fewer stacks and more computer stations, the Teen Area has sleek furnishings with a variety of seating accommodations that range from paired high-chair tables to casual low-slung lounge sofas, which appeal to teenagers who embrace the evolving definition of how a library should look and feel.

Walking along the entry corridor toward the welcome desk, guests are immediately drawn to an area that can most adequately be described as for play — the Kids Area. Bold-colored furniture enlivens the space while also helping to identify distinct activity areas — different hues mark areas for reading, sitting, and exploring. Houston-based artist Bree Wristers — better known as BREE “The Mural Girl” — was brought on by Brave to paint an anamorphic typology that inspires readers of all ages to further investigate the world of their imagination through reading. The text painted on the library wall bleeds onto a wooden cubby installation, which was purposefully left empty and reads differently depending on one’s vantage point, ultimately reinforcing a childhood sense of wonder and discovery.

While elements of the existing building and previous library design, such as the wooden ceiling and grid of fluorescent lightings, remain, the collaborative interventions made by Brave Architecture and Houston Public Library have created a newly invigorated space, which not only to serves as a model for future library rehabilitations, but also embraces design solutions for the evolving needs and desires of contemporary libraries.

Charlotte Friedley is the communications specialist for the Texas Society of Architects.

This article is “More Online” content for the May/June 2014 issue of Texas Architect.

An Interview with Brooke Hodge, Guest Curator at the Nasher

On September 13, the Nasher Sculpture Center opens its third exhibition dedicated to architecture. “Provocations: The Architecture and Design of Heatherwick Studio” details the iterative process of the wildly creative London-based firm of Thomas Heatherwick. Texas Architect Editor Catherine Gavin interviewed guest curator Brooke Hodge about the exhibition.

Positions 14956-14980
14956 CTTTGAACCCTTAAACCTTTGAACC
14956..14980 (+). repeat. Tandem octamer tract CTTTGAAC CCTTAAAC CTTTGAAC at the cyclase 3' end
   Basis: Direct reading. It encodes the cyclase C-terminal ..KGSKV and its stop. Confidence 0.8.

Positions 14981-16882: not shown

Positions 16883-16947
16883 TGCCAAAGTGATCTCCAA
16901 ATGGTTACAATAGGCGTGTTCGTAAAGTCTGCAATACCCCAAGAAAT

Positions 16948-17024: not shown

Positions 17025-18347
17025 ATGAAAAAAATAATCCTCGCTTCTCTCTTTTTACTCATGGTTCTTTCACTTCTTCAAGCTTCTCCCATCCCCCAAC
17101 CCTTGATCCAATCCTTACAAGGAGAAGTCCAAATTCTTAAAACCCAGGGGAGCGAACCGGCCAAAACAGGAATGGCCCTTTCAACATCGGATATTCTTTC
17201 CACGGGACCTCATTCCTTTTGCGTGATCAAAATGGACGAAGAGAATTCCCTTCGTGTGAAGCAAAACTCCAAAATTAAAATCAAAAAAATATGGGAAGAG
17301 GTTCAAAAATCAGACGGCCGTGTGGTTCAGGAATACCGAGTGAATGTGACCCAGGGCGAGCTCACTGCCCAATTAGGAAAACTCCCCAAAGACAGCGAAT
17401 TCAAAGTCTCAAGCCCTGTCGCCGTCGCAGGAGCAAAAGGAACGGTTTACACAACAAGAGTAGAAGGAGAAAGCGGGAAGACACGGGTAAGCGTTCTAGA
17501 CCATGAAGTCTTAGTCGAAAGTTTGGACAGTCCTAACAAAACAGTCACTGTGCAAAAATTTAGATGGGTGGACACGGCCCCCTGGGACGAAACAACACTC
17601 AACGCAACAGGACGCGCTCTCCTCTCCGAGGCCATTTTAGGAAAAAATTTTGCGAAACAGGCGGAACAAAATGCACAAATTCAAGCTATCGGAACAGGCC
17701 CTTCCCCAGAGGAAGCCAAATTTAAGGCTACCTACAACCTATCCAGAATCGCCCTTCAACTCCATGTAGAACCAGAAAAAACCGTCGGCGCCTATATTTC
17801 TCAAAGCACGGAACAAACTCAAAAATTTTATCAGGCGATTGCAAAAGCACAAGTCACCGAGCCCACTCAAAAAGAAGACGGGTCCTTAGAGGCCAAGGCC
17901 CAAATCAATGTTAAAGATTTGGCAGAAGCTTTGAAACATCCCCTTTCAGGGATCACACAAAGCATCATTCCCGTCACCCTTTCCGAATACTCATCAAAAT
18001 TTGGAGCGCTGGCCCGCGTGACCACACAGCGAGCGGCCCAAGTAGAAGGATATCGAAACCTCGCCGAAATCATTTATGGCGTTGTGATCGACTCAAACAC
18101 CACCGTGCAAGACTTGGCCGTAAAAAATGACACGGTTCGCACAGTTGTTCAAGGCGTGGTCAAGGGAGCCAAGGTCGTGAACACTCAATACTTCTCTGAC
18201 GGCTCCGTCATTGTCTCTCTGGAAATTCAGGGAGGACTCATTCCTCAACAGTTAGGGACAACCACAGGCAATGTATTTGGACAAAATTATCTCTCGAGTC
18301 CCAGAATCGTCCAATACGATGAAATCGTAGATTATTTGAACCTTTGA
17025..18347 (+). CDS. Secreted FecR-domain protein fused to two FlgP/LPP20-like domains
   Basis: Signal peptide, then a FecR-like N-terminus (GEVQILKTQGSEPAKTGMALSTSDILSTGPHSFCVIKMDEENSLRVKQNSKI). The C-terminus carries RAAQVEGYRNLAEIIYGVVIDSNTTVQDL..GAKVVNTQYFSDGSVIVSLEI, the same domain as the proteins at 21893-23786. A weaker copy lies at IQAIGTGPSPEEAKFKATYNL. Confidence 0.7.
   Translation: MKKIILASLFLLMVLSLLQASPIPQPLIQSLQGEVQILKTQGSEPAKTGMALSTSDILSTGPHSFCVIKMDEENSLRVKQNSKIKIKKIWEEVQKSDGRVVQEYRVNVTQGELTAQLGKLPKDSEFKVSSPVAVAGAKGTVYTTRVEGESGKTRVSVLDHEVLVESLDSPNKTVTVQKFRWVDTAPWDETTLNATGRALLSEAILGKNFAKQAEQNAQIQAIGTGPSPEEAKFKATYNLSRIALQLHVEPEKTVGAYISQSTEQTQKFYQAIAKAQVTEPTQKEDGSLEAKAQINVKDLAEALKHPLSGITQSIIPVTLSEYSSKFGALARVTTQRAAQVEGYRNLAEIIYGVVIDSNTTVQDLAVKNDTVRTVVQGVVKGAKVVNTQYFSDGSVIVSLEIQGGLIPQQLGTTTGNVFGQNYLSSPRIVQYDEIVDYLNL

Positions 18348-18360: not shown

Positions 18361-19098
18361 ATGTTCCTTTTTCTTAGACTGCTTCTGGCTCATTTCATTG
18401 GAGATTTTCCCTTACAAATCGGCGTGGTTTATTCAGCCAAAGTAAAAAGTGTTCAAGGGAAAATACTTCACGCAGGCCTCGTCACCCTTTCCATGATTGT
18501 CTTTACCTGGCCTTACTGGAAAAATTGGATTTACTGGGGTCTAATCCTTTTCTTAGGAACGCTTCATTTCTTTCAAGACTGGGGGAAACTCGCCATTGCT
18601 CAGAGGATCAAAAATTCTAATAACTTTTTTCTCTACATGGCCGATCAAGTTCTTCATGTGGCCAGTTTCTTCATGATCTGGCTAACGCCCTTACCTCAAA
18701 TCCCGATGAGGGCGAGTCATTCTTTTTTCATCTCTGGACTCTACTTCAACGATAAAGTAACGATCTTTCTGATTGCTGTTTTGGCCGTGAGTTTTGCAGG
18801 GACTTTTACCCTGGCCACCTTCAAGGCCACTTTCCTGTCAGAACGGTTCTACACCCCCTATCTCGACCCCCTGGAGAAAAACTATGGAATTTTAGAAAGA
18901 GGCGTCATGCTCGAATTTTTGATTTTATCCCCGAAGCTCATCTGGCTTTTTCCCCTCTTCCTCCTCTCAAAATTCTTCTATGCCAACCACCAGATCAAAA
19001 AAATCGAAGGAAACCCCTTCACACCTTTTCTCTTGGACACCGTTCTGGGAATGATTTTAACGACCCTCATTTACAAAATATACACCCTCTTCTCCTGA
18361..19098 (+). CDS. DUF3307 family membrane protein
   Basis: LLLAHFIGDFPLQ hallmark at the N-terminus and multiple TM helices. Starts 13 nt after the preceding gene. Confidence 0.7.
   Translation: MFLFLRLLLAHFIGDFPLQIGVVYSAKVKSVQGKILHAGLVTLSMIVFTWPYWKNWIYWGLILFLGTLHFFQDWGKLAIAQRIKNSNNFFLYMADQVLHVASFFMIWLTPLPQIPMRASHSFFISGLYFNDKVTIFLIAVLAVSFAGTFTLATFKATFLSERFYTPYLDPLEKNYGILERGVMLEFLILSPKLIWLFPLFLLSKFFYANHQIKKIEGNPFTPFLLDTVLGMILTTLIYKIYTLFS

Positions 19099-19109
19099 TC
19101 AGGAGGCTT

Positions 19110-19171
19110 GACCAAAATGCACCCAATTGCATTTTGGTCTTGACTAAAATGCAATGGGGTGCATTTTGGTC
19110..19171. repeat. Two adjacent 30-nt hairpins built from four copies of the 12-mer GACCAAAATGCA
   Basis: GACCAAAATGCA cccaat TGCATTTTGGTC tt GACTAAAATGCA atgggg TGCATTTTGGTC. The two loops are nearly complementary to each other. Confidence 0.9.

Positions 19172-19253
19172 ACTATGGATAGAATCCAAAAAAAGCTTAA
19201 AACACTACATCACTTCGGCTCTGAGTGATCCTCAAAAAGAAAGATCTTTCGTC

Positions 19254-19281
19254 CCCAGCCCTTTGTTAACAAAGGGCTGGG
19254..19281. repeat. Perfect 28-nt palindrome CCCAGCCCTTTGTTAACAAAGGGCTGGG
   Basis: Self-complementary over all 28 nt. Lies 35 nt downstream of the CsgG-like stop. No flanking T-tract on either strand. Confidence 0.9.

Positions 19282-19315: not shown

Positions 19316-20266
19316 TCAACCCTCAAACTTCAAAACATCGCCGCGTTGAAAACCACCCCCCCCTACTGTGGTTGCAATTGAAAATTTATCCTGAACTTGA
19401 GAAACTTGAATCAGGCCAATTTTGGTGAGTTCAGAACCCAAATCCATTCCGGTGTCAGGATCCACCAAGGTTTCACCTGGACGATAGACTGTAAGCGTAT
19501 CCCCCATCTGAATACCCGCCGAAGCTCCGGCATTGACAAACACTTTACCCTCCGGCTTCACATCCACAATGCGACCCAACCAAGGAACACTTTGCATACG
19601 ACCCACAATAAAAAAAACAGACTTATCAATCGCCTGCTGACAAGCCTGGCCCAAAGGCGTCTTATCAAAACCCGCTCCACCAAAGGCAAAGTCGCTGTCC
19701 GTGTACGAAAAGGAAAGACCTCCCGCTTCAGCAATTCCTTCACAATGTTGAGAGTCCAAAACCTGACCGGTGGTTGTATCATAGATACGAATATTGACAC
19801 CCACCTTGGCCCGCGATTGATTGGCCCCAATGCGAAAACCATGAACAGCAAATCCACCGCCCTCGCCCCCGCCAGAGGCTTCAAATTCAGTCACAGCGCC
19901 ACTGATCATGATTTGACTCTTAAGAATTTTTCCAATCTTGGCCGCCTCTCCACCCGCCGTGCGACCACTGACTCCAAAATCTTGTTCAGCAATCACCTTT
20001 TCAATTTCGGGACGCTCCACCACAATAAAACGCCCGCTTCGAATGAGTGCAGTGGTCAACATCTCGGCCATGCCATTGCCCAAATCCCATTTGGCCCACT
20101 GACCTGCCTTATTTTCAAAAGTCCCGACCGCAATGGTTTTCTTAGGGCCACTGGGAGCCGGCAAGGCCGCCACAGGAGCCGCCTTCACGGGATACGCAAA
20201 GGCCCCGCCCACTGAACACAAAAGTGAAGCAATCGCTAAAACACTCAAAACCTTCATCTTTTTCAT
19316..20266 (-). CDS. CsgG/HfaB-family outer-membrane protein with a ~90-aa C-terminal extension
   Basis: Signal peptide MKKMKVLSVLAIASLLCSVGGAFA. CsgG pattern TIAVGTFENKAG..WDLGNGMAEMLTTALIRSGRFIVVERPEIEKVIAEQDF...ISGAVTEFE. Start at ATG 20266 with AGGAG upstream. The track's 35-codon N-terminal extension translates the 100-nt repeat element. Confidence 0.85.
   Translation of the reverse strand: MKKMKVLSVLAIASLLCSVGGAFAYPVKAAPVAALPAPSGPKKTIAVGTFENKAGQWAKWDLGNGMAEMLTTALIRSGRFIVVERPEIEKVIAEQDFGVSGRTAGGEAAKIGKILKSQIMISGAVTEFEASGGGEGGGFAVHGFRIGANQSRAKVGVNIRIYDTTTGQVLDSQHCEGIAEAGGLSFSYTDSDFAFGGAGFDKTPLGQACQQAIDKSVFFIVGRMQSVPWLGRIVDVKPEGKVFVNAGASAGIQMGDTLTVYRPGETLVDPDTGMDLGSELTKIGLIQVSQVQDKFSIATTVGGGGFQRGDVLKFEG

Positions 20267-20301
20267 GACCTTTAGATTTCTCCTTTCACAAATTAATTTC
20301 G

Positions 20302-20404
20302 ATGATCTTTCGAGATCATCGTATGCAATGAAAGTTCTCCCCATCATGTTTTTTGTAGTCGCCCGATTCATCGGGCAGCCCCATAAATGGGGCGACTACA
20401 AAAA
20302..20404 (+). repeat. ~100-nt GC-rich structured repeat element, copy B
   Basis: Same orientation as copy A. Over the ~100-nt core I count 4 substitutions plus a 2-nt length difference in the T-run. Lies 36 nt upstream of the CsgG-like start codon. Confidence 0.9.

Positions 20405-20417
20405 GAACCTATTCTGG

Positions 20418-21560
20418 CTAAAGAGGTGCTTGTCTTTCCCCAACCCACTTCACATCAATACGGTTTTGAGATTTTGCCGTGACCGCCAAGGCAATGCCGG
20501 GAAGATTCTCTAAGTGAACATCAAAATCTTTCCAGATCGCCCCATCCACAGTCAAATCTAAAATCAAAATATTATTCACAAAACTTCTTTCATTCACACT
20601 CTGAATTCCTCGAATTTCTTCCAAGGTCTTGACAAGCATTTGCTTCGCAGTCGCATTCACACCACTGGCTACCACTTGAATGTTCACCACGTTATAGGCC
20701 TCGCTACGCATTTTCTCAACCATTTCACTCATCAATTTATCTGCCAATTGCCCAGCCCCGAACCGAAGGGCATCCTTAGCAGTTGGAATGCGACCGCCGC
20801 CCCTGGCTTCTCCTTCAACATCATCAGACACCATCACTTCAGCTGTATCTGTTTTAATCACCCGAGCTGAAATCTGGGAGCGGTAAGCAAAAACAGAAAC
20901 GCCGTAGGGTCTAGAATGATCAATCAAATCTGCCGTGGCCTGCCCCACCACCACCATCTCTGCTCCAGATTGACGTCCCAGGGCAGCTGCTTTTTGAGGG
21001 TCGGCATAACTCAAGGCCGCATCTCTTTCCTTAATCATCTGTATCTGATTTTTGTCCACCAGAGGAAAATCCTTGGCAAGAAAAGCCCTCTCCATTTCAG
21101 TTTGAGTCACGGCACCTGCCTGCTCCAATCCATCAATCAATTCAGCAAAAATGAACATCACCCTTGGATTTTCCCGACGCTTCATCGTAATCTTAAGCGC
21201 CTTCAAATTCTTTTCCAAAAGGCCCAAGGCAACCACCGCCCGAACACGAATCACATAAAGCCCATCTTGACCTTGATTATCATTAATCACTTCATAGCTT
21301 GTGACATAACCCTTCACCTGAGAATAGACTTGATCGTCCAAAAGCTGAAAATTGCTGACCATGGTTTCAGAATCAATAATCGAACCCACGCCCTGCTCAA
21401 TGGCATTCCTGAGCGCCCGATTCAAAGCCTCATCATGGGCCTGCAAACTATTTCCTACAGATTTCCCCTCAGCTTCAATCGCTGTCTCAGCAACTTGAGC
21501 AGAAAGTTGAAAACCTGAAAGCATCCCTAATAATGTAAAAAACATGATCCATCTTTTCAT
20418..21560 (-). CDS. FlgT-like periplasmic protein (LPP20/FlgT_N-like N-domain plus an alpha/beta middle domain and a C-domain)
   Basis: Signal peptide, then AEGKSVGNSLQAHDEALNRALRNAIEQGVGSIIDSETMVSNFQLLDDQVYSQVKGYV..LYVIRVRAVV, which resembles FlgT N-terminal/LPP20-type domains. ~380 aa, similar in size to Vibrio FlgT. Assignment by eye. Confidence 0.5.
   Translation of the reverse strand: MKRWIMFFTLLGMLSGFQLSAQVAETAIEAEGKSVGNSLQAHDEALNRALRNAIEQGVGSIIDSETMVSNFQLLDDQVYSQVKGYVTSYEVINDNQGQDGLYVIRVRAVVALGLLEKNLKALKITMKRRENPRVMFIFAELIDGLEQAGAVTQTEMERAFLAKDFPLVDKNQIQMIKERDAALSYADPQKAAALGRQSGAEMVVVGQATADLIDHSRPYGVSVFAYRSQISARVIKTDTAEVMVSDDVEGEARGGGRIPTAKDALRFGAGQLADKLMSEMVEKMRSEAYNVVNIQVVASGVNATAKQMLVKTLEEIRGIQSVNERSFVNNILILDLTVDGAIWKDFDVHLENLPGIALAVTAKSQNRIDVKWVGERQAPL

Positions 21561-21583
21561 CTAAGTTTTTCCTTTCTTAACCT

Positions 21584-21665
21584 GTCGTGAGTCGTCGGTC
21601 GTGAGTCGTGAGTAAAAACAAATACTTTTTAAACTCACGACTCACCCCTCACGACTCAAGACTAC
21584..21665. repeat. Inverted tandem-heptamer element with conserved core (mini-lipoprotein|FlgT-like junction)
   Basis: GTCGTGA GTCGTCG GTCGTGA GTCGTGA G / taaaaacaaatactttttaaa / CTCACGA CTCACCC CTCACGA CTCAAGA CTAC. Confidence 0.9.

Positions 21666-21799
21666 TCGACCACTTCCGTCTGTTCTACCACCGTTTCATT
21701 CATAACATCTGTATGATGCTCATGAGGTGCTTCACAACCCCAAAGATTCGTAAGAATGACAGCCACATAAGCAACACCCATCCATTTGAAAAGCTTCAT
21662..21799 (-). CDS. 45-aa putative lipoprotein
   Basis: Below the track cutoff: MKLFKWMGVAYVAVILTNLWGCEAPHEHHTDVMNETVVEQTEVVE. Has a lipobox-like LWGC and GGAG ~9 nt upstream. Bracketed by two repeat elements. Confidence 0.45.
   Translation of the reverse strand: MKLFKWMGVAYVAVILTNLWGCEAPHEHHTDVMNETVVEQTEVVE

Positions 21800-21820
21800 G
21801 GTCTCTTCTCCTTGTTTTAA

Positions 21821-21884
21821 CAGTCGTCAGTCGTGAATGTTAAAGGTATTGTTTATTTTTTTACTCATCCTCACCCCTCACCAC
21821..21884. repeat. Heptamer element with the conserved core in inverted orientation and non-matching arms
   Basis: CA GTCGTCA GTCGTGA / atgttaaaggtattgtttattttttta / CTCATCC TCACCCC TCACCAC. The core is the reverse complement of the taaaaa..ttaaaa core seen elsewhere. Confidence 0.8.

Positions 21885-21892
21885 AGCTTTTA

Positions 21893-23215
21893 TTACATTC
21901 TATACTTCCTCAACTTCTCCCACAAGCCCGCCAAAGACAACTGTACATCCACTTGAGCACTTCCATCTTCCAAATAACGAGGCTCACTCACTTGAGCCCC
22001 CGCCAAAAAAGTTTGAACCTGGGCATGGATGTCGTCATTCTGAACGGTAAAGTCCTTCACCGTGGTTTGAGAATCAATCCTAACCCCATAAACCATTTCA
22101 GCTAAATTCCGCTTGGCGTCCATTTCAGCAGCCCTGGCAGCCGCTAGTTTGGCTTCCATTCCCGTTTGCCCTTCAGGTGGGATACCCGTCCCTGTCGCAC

How did you choose the exhibition materials?

Because Heatherwick Studio is not as well known in the U.S. as they are in the U.K., I wanted to show visitors the full range of the practice, from small objects to very large buildings and developments. Each project is represented by materials that architects and designers use in the design process — models, prototypes, inspiration, or research objects — to test their ideas. The film and video footage shows how the actual object or structure (i.e. the Plank furniture, the Olympic Cauldron, or the Rolling Bridge) works. In architecture exhibitions, the real thing (the building) can never be shown, since there is only one of it and it’s too big to fit into a gallery space. Because of this, a number of different types of materials need to work together to explain the project and the design process. Also, visitors can’t touch things in museums, so the simple film demonstrations of how someone works are really important. Films are also an important part of Heatherwick’s design process, which really focuses on problem solving and making sure things work properly. The photographs show the finished buildings or structures. If a project is still in process, then we have included the studio’s rendering (or visualization) of what it will look like.

What inspired the special section dedicated to Heatherwick Studio’s creative process?

The creative process of designers and architects is something that I don’t think most museum visitors understand, so I wanted to open a window onto how Heatherwick and his team think about their projects. The studio is really like a laboratory for problem solving, and they start each project with a question, or provocation (hence the title of the show), and then work through many iterations to come up with the best way to answer that question.

What does the work of Heatherwick Studio say about the current state and the future of design and architecture?